Society’s one-year anniversary

The Society Marketplace, at 4 S. Main St., celebrated its first anniversary Friday with a ribbon-cutting and open house.

Back to School Sales Tax Holiday weekend starts Friday

Back to school shoppers this weekend should buy all they can in Webb City, Carterville, Oronogo and Airport Drive.

It’s the annual Missouri Sales Tax Holiday, and only the Jasper County sales tax of 1.225% will be charged at cash registers on approved items in those four towns.

The Missouri sales tax of .04225% won’t be charged anywhere, but Jasper County and most other area cities, including Joplin, Neosho, Carthage and Carl Junction, have opted out of participating in the holiday.

Webb City, as the City Council chooses to do every year, is giving up .025 cents for every dollar spent during the three-day tax holiday, which begins after midnight Friday.

The sales tax exemption is limited to:

Clothing – any article having a taxable value of $100 or less

School supplies – not to exceed $50 per purchase

Computer software – taxable value of $350 or less

Personal computers – not to exceed $1,500

Computer peripheral devices – not to exceed $1,500

Graphing calculators – not to exceed $150

QUALIFYING ITEMS

Section 144.049, RSMo, defines items exempt during the sales tax holiday as:

CLOTHING – any article of wearing apparel intended to be worn on or about the human body including, but not limited to, disposable diapers for infants or adults and footwear. The term shall include but not be limited to, cloth and other material used to make school uniforms or other school clothing. Items normally sold in pairs shall not be separated to qualify for the exemption. The term shall not include watches, watchbands, jewelry, handbags, handkerchiefs, umbrellas, scarves, ties, headbands, or belt buckles; and

PERSONAL COMPUTERS – a laptop, desktop, or tower computer system which consists of a central processing unit, random access memory, a storage drive, a display monitor, a keyboard, and devices designed for use in conjunction with a personal computer, such as a disk drive, memory module, compact disk drive, daughterboard, digitalizer, microphone, modem, motherboard, mouse, multimedia speaker, printer, scanner, single-user hardware, single-user operating system, soundcard, or video card; and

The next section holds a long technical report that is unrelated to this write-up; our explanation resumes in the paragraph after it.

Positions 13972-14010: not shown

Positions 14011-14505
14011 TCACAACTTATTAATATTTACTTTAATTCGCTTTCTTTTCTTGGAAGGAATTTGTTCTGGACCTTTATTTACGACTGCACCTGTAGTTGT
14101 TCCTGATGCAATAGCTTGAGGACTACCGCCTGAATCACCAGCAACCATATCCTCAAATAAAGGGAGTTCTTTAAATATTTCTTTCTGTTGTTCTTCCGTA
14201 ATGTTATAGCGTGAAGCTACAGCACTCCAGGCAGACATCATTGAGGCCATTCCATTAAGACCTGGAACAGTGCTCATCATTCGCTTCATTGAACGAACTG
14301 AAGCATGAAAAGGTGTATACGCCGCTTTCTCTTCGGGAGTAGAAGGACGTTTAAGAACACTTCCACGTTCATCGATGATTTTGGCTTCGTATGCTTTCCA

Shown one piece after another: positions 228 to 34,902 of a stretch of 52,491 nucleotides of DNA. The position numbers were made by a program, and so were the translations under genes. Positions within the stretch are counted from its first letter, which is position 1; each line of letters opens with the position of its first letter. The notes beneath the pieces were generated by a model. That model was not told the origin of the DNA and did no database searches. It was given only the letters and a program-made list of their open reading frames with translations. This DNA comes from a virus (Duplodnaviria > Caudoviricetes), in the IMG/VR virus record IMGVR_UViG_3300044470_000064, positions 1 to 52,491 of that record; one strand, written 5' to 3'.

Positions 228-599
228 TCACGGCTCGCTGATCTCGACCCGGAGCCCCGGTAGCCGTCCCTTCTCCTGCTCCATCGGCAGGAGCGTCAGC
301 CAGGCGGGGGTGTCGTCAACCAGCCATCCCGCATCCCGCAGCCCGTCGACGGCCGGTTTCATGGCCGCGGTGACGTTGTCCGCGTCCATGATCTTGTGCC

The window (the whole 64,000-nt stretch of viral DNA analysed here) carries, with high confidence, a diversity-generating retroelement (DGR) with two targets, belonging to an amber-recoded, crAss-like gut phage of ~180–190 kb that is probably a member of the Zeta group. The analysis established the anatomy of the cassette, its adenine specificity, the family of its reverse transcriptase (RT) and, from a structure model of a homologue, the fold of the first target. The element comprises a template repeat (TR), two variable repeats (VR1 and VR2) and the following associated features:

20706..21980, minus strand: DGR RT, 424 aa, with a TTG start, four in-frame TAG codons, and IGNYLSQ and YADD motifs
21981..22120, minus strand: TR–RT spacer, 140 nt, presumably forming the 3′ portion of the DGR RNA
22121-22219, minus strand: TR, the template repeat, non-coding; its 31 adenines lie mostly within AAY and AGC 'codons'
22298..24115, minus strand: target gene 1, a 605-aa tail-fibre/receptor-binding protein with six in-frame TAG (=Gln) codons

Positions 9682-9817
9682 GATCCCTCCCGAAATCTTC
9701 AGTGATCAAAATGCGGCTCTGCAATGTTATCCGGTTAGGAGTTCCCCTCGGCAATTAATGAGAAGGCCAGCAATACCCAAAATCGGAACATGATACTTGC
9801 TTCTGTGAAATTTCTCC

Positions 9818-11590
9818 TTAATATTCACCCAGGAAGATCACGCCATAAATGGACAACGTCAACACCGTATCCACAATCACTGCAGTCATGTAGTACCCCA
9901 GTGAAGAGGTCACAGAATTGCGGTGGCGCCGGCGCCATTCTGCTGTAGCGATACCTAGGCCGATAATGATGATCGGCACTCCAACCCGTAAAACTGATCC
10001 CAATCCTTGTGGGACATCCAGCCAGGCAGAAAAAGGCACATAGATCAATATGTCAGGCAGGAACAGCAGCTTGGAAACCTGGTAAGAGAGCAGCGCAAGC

SCHOOL SUPPLIES – any item normally used by students in a standard classroom for educational purposes, including but not limited to, textbooks, notebooks, paper, writing instruments, crayons, art supplies, rulers, book bags, backpacks, handheld calculators, graphing calculators, chalk, maps, and globes. The term shall not include watches, radios, CD players, headphones, sporting equipment, portable or desktop telephones, copiers or other office equipment, furniture, or fixtures. School supplies shall also include graphing calculators valued at $150 or less and computer software having a taxable value of $350 or less.

Missouri Bicentennial
Ice Cream Socials

The City of Joplin, in partnership with Historic Murphysburg, North Heights Neighborhood Association, and Bookhouse Cinema, is hosting set of ice cream socials on Tuesday, August 10.

 

DOWNTOWN MIDDAY ICE CREAM SOCIAL

Spiva Park, 4th & Main, Downtown Joplin

11:00 a.m.-1:00 p.m.

Toppings: Chocolate, caramel

Other Activities: Cornhole, chalk, bubbles, Giant Jenga